The Trouble With Being God: 10th Anniversary Special Edition Kindle Edition
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An Amazon Book with Buzz: "Punch Me Up to the Gods" by Brian Broome
"One of the most electrifying, powerful, simply spectacular memoirs I—or you— have ever read." —Augusten Burroughs Learn more
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About the Author
- ASIN : B07BFRHSLG
- Publisher : William F. Aicher; 2nd edition (April 13, 2018)
- Publication date : April 13, 2018
- Language : English
- File size : 1237 KB
- Simultaneous device usage : Unlimited
- Text-to-Speech : Enabled
- Screen Reader : Supported
- Enhanced typesetting : Enabled
- X-Ray : Not Enabled
- Word Wise : Enabled
- Print length : 303 pages
- Lending : Enabled
- Best Sellers Rank: #900,378 in Kindle Store (See Top 100 in Kindle Store)
- Customer Reviews:
Top reviews from the United States
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I admit, dear reader, that I read all of The Trouble With Being God in one evening. I started reading it, expecting to finish it in a few days like I do with most books but found myself so absorbed by the story that I couldn’t put it down.
Yet as much as I enjoyed the story, I simply could not stand the main character, Steven. I found him incredibly annoying. He is verbally and emotionally abusive to his girlfriend. He is rude and sometimes even mean to those he supposedly calls his friends. Though honestly, the same can be said of almost every other character in the book. Aside from Detective Miles, nearly every other character that plays a part in the story is bitter, selfish, and mean.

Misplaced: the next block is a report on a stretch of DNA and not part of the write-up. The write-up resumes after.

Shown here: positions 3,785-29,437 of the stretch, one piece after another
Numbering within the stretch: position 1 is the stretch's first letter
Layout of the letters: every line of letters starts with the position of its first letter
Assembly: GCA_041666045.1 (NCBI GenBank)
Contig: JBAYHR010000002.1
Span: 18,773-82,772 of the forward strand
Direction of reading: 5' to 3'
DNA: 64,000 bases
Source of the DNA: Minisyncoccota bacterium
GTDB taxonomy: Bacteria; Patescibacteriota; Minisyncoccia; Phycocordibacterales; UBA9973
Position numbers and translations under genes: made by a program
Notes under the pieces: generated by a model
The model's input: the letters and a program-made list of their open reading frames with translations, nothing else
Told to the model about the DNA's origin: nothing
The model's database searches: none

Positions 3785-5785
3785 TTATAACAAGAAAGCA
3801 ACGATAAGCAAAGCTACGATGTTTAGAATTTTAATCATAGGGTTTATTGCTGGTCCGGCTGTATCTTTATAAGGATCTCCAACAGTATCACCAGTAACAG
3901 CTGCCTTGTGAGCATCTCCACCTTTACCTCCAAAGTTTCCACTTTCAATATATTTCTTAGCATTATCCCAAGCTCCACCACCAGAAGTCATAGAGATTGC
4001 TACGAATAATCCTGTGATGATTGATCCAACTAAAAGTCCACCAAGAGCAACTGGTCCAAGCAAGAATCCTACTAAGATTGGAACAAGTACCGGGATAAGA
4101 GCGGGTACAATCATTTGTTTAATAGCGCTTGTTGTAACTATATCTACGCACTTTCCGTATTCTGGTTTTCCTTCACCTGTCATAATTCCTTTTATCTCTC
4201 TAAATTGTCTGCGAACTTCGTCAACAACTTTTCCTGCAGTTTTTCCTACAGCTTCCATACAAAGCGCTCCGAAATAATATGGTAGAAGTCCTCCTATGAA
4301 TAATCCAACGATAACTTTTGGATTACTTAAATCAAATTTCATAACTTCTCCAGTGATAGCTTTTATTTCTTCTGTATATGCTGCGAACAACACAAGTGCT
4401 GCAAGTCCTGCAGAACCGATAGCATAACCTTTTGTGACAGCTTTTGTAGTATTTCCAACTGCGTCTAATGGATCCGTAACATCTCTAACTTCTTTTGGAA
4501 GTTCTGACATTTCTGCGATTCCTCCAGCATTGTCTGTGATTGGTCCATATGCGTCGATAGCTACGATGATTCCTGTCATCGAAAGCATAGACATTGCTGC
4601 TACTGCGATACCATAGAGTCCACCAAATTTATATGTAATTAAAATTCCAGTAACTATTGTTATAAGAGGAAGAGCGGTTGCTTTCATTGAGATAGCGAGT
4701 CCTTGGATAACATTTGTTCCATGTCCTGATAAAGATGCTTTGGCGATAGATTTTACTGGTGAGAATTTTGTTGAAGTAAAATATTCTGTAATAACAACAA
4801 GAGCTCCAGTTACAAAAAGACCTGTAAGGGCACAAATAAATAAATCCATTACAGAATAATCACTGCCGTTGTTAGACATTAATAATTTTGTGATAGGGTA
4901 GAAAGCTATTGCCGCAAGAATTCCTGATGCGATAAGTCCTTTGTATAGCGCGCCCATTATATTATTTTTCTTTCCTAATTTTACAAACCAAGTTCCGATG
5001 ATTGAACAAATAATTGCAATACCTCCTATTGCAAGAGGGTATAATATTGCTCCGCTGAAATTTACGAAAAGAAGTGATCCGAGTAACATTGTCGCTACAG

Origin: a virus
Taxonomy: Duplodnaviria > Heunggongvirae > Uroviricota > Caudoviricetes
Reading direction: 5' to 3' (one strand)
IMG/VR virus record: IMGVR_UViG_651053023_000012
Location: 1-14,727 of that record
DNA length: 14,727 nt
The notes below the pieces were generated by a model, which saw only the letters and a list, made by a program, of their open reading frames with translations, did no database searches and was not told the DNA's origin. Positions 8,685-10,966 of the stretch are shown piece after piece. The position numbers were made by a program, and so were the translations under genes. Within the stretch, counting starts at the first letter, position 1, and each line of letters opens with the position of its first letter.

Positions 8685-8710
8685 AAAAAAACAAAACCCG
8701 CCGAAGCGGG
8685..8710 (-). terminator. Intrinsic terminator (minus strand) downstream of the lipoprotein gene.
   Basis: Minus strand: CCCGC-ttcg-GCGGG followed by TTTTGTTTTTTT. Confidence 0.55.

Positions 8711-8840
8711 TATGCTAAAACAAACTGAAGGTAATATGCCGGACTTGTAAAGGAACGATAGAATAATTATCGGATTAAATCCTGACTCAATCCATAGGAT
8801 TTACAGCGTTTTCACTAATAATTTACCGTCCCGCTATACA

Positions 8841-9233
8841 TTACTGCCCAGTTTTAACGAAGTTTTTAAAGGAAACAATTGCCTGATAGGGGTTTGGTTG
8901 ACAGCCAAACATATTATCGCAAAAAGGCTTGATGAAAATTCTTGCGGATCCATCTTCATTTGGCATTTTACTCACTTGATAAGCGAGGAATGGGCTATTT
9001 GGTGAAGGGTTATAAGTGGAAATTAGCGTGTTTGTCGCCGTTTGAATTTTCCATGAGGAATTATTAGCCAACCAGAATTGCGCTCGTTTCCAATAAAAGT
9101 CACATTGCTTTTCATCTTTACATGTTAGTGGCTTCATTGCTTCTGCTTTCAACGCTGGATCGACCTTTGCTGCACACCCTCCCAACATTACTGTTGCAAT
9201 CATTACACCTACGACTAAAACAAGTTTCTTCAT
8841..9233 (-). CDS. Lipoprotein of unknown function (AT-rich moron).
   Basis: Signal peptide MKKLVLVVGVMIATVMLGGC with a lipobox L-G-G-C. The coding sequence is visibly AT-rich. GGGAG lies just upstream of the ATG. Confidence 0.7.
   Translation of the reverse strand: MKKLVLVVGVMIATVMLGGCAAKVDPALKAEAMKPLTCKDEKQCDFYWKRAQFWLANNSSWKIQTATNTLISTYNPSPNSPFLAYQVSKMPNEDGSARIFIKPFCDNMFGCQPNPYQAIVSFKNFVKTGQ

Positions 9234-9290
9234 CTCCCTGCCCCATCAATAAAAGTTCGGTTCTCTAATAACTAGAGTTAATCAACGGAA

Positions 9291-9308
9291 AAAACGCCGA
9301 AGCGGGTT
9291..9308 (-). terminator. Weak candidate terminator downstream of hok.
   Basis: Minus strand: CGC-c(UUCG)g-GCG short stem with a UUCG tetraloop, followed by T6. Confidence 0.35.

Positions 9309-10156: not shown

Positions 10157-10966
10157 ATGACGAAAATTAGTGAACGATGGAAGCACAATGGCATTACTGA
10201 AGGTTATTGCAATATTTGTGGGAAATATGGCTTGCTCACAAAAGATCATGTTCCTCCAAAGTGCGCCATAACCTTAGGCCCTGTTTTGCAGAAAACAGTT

What saves the book from being a total dumpster fire is Aicher’s writing. The pacing and prose keep the story tight and suspenseful. It is enough to keep the reader engaged and guessing right up to and past the final page.
The way Aicher ends the story will certainly not appeal to everyone. I personally liked it since not everything in real life ends all neatly wrapped up like in books or movies.
The 10th Anniversary edition comes with additional extras like the original epilogue that was not published with the first edition of the book as well as a new afterword by the author. The afterword was interesting and gave insight in to the author and how his feelings towards the book have changed over the 10 years. The epilogue was worthless and didn’t add anything to the story. Personally, I’m glad it was scrapped.
Fans of Aicher’s books will likely enjoy The Trouble With Being God if they haven’t already read it. For any one else, I encourage them to at least give it a try.
Aicher’s ability to flawlessly pull his readers in from the very first page offers up subtle clues to his overall theme and direction with sickening detail and psychopathic flair before slowly whipping his created urban setting of Courtsdale into a maddening frenzy. From the moment readers are introduced to the main character of Steven Carvelle, part-time journalist and full-time drinker, we are already fully aware that Aicher intends to shatter any notion his work could be considered a cozy mystery or a simple crime thriller and for that, we should greedily devour his creation.